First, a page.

The Last Time I Walked
with the Flame Thrower
Cassandra Rockwood-Rice coordinates a monthly reading series at The Beat Museum in San Francisco. Her work has appeared in The New Delta Review, Rip Rap, Hawaii Review, The Lifted Brow and elsewhere. Cassandra holds a BA from California Institute of Integral Studies and an MFA from California College of the Arts.
When summer ends I reflect on the last time I walked
with the flame thrower. I knew to stay away, by then, my skin
scorched and keloid in places where embers had lodged.
He said he was out of lighter fluid, this time. He said
sorry, he knew how hard the infernos had been on me.
It was a long winter. I told him how I barely moved until spring,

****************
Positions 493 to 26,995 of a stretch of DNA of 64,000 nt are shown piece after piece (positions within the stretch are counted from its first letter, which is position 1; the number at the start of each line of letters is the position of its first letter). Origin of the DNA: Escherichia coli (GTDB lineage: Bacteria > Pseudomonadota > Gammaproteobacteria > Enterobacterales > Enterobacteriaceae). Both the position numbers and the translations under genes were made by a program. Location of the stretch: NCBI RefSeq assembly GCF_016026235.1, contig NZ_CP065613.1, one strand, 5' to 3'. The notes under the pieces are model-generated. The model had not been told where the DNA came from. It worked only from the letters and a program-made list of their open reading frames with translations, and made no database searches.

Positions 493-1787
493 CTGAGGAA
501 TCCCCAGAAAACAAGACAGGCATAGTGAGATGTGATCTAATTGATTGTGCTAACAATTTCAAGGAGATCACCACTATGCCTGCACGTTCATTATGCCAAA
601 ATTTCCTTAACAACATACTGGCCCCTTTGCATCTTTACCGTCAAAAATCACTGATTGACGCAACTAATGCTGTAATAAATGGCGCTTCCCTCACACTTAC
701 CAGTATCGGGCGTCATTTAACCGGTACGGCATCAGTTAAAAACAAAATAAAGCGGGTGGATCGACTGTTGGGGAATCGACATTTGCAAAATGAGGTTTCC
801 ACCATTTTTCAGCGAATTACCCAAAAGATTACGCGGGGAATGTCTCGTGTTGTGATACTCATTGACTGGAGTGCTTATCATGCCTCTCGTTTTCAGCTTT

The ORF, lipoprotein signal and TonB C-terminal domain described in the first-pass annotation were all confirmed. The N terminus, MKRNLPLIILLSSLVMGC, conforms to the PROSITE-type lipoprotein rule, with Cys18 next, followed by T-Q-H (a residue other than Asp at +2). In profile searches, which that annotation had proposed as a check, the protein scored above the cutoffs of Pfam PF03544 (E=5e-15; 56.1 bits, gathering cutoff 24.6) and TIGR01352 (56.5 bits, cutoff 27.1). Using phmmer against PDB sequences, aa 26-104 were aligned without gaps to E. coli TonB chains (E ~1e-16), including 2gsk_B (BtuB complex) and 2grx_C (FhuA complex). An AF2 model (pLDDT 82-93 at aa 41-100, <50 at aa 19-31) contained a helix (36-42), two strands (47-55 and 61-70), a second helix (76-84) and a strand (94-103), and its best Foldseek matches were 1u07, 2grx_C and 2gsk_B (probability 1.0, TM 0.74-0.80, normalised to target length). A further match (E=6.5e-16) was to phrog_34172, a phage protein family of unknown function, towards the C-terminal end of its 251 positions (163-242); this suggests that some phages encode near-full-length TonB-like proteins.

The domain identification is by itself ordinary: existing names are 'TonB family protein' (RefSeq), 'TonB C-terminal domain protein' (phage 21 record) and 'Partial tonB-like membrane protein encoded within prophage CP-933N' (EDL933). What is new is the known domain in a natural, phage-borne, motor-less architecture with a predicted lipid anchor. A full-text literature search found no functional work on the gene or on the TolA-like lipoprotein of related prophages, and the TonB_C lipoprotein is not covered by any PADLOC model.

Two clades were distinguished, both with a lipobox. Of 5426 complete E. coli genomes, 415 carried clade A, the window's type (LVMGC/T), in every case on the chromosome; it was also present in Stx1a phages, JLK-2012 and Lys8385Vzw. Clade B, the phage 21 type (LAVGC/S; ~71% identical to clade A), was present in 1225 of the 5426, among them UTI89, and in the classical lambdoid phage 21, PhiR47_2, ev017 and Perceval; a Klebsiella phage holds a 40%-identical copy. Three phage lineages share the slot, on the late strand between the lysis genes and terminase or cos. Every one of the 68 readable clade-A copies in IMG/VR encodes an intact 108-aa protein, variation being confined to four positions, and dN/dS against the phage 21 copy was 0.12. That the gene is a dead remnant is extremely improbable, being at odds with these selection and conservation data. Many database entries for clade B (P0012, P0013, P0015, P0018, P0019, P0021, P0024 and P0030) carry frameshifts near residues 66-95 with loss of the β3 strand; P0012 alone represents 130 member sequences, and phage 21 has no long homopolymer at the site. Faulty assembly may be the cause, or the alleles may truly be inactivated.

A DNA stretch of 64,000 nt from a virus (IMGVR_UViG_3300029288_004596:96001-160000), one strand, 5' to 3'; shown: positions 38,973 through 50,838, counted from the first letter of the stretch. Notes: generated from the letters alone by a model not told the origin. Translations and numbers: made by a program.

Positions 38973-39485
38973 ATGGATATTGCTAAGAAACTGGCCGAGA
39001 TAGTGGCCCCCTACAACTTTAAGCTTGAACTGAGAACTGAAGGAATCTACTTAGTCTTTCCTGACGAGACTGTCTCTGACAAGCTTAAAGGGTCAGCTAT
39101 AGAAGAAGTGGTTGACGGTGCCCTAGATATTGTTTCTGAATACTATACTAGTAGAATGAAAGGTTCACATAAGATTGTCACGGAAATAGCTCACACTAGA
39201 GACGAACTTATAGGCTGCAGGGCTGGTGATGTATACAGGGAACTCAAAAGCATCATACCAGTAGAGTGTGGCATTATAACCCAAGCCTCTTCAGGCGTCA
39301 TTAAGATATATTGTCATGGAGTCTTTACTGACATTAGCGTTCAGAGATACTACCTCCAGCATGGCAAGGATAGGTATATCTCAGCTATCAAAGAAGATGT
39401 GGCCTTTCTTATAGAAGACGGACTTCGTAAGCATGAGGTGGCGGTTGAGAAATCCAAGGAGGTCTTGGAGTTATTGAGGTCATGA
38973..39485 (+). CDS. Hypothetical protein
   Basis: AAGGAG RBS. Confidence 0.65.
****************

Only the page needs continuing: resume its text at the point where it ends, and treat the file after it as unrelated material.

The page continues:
even then my lungs smoke-filled for months at the thought of leaving.
But how I easily forget the way he vanished in the monsoon, how he
would not come if there was even a chance of rain. Of course
when they told me to invite my angels in, that’s when I called,
that was when hunting season began, that was when I learned
about two kinds of light determined by the distance in between.
He told me there’d be berries in the deep arid woods. Parched,
my mouth watered and I felt like a desperate creature.
The entire woods will be full of berries, he said, Let’s go!
His lips were bright crimson stained, mouth incandescent within.
We went into the tinder, kindling cracking beneath our feet.
It won’t be long now, he motioned, Come, blueberries will burst
between your teeth, black raspberries so tart and plump
they drip when you touch them. See my mouth, he said,
and as he turned toward me, his lips parted to reveal
his tongue, a match lit to consume everything.